CityU law student selected as Young Global Leader 2007

Karen Cheng

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A postgraduate law student at City University of Hong Kong (CityU) has been selected as a Young Global Leader 2007 by the World Economic Forum in recognition of his achievements and contributions to society.

Mr Christopher To Wing, who has been trained extensively in law at CityU, is the only nominee from Hong Kong to receive the honour this year.

Mr To is an Adjunct Professor in both CityU's School of Law and Department of Electronic Engineering, and Secretary-General of the Hong Kong International Arbitration Centre (HKIAC). He is currently studying for the Postgraduate Certificate in Laws at CityU. He graduated from the Master of Arts in Arbitration and Dispute Resolution and the Bachelor of Laws degree programmes at CityU in 1996 and 2006, respectively.

Renowned for helping establish Hong Kong as the region's leading arbitration centre, Mr To said he was motivated to receive training in law at CityU because of the distinguished programmes on offer and the quality of the teaching staff.

"CityU is the first university in Asia to offer the MA in Arbitration and Dispute Resolution, demonstrating its foresight in nurturing professionals to meet an increasing need for experts in arbitration," he said.

Hong Kong now ranks fourth in the world in terms of arbitration caseload, following the mainland, the US and Europe.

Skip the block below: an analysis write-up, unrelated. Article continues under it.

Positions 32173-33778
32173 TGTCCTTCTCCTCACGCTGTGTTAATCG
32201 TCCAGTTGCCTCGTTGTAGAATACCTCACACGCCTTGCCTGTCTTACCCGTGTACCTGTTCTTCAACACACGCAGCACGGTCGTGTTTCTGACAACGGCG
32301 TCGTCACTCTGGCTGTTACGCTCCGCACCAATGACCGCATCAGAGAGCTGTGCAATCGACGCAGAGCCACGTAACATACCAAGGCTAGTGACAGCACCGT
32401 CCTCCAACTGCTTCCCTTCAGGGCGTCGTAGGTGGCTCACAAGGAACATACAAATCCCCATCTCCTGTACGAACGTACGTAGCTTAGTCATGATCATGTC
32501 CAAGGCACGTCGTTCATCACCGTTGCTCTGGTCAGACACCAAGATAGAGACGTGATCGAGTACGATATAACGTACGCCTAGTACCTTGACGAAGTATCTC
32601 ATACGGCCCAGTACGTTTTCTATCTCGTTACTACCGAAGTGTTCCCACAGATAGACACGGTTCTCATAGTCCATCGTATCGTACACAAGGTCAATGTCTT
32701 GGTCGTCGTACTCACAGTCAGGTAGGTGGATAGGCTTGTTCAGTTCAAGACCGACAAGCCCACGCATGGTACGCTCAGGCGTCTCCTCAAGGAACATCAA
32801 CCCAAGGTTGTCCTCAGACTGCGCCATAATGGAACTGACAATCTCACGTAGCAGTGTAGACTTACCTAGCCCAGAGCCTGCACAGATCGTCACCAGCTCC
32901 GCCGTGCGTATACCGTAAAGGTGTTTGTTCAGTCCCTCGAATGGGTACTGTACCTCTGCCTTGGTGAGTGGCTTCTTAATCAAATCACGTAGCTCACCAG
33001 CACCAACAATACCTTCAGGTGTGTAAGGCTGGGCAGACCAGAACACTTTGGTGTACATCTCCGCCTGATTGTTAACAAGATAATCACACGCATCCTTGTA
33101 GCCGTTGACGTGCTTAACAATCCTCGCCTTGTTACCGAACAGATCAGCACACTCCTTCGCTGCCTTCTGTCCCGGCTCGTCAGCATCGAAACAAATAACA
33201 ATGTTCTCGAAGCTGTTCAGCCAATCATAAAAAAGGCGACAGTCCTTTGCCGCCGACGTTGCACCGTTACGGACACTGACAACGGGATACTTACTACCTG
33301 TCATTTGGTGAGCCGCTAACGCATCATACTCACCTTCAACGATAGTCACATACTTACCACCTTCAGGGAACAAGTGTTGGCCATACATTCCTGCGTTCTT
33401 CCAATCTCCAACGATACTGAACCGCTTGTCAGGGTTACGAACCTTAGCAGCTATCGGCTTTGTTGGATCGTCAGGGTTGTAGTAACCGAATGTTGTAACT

Professor Peter Malanczuk, Dean of the School of Law and the leader of the MA programme, said arbitration and dispute resolution was one of the strengths of the School, and it had been working closely with Mr To and HKIAC to promote the profession.


"Mr To is an outstanding graduate and student, who is a close friend of the School and has spent time helping and working for it," Professor Malanczuk said.

Taking the MA programme at CityU helped steer Mr To from the engineering profession to his current career. In 1998, at the age of 29, he was invited by a former High Court Judge, Mr Neil Kaplan, an Honorary Professor on the MA Programme that Mr To attended, to take up the post of Secretary-General of the HKIAC.

At first Mr To hesitated, considering he might be too young for the job, but he decided to accept the challenge, and he has had no regrets. Since then, Mr To has been heavily involved in promoting Hong Kong as a world-recognized dispute resolution centre. The number of arbitration cases handled has grown and Hong Kong has been authorized by the Internet Corporation for Assigned Names and Numbers to handle top-level domain name disputes such as .com, .org, .net, and so forth.

The World Economic Forum is a not-for-profit international organization based in Geneva, Switzerland, committed to engaging leaders in shaping the global, regional and industry agendas.

The Forum bestows the Young Global Leader award annually upon 250 of the most distinguished young leaders around the world who are below the age of 41. This year a total of 4,000 nominations were made.

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